The World Moves On: Poem 93

Grand stairway at Tsurugaoka Hachiman-gū in Kamakura, Japan – the scene of Sanetomo’s assassination. No machine-readable author provided. Abrahami assumed (based on copyright claims)., CC BY-SA 2.5, via Wikimedia Commons

I was reminded of this poem recently and felt like sharing it with readers. It is one of the most poignant in the anthology, I think:

世の中は Yo no naka wa
つねにもがもな Tsune ni mo ga mo na
なぎさこぐ Nagisa kogu
あまの小舟の Ama no obune no
綱手かなしも Tsuna de kanashi mo

Which Professor Mostow translates as:

If only this world
could always remain the same!
The sight of them towing
the small boats of the fishermen who row in the tide
is touching indeed!

This poem was composed by Minamoto no Sanetomo (1192-1219), who was the third shogun of the new Kamamura Shogunate. Sanetomo even studied poetry under Fujiwara no Teika, the compiler of the Hyakunin Isshu anthology and contributed to many Imperial anthologies as well.

Sanetomo lived at a time when the old Heian court (which included most of the authors in this anthology) had been reduced to a shadow of its former self. The power had shifted away from the Imperial Court to the eastern city of Kamakura, and the country was still rebuilding itself after war. Sadly, the new center of power was unstable, and Sanetomo was assassinated at age 28 by his nephew at the place shown above: Tsurugaoka Hachimangu shrine. A great ginkgo tree (shown in this photo from Wikipedia on the left) stood near the spot he was supposedly killed, but the tree fell over in March of 2010 due to age disease.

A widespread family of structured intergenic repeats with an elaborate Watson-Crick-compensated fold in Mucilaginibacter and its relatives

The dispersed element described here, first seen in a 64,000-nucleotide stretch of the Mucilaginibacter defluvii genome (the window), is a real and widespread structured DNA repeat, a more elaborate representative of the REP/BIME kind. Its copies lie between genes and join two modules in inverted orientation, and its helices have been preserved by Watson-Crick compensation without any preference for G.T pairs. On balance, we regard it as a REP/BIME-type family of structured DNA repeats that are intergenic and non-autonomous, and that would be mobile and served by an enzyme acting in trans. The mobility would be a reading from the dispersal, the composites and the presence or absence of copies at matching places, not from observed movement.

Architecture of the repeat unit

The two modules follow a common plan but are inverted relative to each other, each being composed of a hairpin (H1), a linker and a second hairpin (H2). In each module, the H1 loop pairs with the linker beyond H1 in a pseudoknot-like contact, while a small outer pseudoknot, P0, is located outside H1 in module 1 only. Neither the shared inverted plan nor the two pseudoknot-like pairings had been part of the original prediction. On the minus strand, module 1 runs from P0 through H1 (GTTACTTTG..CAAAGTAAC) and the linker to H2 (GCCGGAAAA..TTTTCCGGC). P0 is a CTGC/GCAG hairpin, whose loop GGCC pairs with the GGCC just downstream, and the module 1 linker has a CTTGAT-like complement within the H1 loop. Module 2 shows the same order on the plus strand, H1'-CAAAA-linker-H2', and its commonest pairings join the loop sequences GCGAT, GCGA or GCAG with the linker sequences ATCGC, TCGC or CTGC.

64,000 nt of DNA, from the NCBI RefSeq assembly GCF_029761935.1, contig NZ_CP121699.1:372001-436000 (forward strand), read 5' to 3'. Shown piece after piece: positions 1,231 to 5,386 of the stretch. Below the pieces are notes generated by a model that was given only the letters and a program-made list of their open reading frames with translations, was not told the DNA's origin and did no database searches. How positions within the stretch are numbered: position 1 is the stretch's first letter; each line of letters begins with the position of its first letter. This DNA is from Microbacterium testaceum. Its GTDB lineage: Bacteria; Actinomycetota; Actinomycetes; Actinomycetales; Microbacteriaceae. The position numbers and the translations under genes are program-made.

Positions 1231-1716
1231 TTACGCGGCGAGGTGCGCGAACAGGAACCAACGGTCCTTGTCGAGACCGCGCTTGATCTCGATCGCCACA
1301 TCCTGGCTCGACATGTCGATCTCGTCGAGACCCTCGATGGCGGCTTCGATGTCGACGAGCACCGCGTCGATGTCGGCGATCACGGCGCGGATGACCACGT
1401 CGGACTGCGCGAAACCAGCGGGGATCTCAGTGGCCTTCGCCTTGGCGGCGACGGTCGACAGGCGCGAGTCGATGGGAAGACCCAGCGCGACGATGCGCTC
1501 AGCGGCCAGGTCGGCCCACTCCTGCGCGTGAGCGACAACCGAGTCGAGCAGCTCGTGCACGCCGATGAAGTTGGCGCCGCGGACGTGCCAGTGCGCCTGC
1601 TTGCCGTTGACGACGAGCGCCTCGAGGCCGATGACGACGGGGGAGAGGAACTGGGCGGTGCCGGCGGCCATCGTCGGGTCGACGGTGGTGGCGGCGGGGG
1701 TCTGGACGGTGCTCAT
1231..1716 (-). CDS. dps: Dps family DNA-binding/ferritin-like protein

Sanetomo, though Shogun and the most powerful person in Japan at the time, was miserable. He knew people within his own family were plotting against him (his fears were not unfounded), and powerless to stop it, he lapsed into alcoholism. This poem reflects his melancholy as he views the shores of Kamakura, and wishing this peaceful scene would always remain, in contrast to the troubled life he lived.

Politics and power are a dangerous thing.


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